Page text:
Jean Marie Lutes, Villanova University
Vol. 30, No. 2 (Fall 2011), 343-369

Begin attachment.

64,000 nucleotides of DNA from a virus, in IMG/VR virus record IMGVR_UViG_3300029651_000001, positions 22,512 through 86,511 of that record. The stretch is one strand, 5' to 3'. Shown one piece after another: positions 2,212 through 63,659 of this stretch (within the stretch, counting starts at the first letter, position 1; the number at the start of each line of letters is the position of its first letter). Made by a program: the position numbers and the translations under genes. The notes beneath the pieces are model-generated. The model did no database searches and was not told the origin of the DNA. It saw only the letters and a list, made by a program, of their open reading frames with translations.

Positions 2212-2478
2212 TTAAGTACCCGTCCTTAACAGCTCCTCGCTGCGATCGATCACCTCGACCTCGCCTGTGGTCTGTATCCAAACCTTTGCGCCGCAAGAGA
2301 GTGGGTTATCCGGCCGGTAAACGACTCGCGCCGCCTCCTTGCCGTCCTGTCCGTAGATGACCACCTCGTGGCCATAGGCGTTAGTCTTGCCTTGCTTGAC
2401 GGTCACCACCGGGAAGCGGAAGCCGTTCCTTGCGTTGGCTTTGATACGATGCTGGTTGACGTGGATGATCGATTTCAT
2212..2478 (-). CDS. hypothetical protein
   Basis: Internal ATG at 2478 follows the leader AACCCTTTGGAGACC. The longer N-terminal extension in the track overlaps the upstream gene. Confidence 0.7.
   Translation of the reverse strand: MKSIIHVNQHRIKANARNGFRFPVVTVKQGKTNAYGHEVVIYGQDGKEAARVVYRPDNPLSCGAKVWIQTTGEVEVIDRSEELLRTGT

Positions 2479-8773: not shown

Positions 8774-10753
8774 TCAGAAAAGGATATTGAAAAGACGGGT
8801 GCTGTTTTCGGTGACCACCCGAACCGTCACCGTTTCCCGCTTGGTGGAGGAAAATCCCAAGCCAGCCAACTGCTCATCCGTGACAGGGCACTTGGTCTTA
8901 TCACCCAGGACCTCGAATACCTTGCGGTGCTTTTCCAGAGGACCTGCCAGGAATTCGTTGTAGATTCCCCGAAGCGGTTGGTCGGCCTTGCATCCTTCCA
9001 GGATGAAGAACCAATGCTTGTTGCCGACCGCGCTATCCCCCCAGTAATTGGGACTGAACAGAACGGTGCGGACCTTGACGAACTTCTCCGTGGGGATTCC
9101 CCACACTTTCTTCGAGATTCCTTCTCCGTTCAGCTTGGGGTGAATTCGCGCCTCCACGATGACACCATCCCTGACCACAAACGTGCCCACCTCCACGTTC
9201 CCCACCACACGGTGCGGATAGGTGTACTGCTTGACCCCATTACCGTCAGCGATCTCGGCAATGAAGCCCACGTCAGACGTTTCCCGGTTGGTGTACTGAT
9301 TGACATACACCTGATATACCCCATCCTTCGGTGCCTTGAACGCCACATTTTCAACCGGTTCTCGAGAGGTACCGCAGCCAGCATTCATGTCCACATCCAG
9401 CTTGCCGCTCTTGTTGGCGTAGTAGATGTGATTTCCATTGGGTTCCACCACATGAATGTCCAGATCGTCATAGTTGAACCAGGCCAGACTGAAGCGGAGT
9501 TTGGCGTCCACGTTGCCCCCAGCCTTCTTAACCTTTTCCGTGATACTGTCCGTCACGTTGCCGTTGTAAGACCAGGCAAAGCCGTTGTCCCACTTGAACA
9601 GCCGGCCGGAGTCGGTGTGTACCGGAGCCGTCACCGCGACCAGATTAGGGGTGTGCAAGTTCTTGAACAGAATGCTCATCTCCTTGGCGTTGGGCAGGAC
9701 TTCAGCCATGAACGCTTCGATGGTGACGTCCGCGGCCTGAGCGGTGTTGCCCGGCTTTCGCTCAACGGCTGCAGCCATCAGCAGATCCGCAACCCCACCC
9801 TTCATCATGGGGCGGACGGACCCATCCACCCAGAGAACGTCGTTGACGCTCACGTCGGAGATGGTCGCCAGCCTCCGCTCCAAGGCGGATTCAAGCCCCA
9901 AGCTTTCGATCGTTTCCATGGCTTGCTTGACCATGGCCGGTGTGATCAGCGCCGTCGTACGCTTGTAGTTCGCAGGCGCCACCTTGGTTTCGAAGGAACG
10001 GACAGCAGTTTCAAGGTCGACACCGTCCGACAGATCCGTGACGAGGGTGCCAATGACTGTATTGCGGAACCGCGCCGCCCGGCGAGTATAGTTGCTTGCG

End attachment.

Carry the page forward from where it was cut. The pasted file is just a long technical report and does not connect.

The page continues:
This essay analyzes emotionality in the work of Maurine Watkins and Sophie Treadwell, two journalists-turned-playwrights who based their most influential and long-lived plays on the real-life trials of women accused of murder. Interlacing analysis of news coverage with a discussion of Watkins’s Chicago (1926) and Treadwell’s Machinal (1928), Lutes argues that by the 1920s, the mass media had redrawn the conventions of emotional expression, particularly for women, so that emotions were valued by virtue of their legibility, rather than their authenticity. Expressions of emotion were inherently audience-oriented, interpreted as performances, as more or less convincing arrangements of feelings. Evaluations of emotional expression, then, centered more on assessing the style and legibility of the expression itself, rather than determining its source. This change did not so much privilege style over substance as insist, in a quintessentially modernist move, that style was substance. Watkins and Treadwell both sought to represent the affective consequences of mass-circulated conventions of expression; they imagined emotions being deployed as class markers and showed assessments of female composure to be a critical element in judgments of women. Ultimately, their writings re-compose female emotion on their own terms, not to authenticate that emotion, but rather to indict the process of authentication itself. Figuring out how to feel correctly, in these plays, becomes an exercise in style and social privilege, and everyone’s emotional life is always playing to a packed house.